LONDON (Reuters) – Facebook (FB.O) mentioned on Wednesday it banned Britain First from its platform for breaking guidelines in opposition to inciting hatred, blacklisting a far-right group dropped at global consideration when U.S. President Donald Trump retweeted its anti-Islamic posts.
Facebook mentioned it had taken down Britain First’s Facebook web page and people of its leaders, Paul Golding and Jayda Fransen, for repeatedly violating guidelines designed to cease the incitement of hatred in opposition to minority teams.
A fringe get together, British First shot to the fore final November when Trump sparked outrage in Britain and a pointy rebuke from Prime Minister Theresa May for retweeting British far-right anti-Islam movies.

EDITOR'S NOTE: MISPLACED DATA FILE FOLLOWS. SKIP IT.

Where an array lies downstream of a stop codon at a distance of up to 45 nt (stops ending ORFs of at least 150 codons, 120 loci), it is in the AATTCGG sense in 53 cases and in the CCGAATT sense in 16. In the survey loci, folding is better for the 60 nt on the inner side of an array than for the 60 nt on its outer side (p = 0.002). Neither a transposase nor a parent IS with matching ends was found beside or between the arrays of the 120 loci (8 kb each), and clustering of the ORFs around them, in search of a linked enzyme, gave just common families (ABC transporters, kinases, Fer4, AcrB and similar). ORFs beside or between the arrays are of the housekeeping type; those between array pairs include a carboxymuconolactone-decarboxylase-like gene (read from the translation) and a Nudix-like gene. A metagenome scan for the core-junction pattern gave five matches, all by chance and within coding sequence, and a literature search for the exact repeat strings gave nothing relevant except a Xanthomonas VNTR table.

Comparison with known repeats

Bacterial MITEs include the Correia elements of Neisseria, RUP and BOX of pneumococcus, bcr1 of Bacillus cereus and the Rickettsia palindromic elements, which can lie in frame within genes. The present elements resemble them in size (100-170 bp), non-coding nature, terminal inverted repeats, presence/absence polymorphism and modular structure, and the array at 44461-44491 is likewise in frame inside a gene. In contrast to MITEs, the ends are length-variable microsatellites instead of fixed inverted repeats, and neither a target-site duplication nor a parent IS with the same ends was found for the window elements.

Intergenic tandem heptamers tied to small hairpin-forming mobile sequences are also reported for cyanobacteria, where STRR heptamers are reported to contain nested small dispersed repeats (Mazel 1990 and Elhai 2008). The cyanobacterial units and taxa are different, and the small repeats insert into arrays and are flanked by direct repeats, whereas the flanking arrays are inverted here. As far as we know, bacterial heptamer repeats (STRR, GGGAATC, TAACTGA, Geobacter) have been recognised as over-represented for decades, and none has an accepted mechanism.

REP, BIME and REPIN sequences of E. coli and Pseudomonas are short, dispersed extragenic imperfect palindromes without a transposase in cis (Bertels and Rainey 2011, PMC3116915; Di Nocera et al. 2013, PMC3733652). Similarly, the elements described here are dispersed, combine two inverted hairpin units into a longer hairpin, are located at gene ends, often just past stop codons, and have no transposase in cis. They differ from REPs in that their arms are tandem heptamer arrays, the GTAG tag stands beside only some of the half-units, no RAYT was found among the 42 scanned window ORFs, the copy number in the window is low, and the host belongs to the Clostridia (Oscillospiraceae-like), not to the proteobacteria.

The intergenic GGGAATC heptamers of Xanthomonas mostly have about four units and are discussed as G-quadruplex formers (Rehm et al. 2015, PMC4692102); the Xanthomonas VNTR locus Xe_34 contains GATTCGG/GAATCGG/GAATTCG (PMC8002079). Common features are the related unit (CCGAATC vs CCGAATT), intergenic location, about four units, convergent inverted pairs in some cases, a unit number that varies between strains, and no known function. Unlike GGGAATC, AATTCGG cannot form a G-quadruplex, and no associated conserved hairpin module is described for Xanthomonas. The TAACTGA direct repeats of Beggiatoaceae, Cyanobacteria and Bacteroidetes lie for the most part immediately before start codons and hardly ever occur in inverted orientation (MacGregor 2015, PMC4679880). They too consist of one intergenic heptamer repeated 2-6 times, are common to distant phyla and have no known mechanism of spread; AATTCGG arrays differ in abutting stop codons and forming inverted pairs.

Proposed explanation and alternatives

The removing of the Britain First pages comes as Facebook and different web corporations like Twitter (TWTR.N) and Google (GOOGL.O) are beneath rising stress to police their networks, refereeing content material to forestall extremist teams spreading their messages and recruiting on-line.
May has joined forces with the leaders of France and Italy to induce social media firms to do extra to take away extremist content material. She mentioned on Wednesday that she welcomed the announcement by Facebook.
“I hope other companies will follow,” she advised British lawmakers.
Facebook mentioned it was cautious to not take away posts or pages simply because they had been controversial and a few folks didn’t like them, however mentioned that Britain First had gone additional and damaged its anti-hatred guidelines with its anti-Islam posts.
“We do not do this lightly, but they have repeatedly posted content designed to incite animosity and hatred against minority groups, which disqualifies the pages from our service,” Facebook mentioned in a weblog put up.
Editing by Paul Sandle and Matthew Mpoke Bigg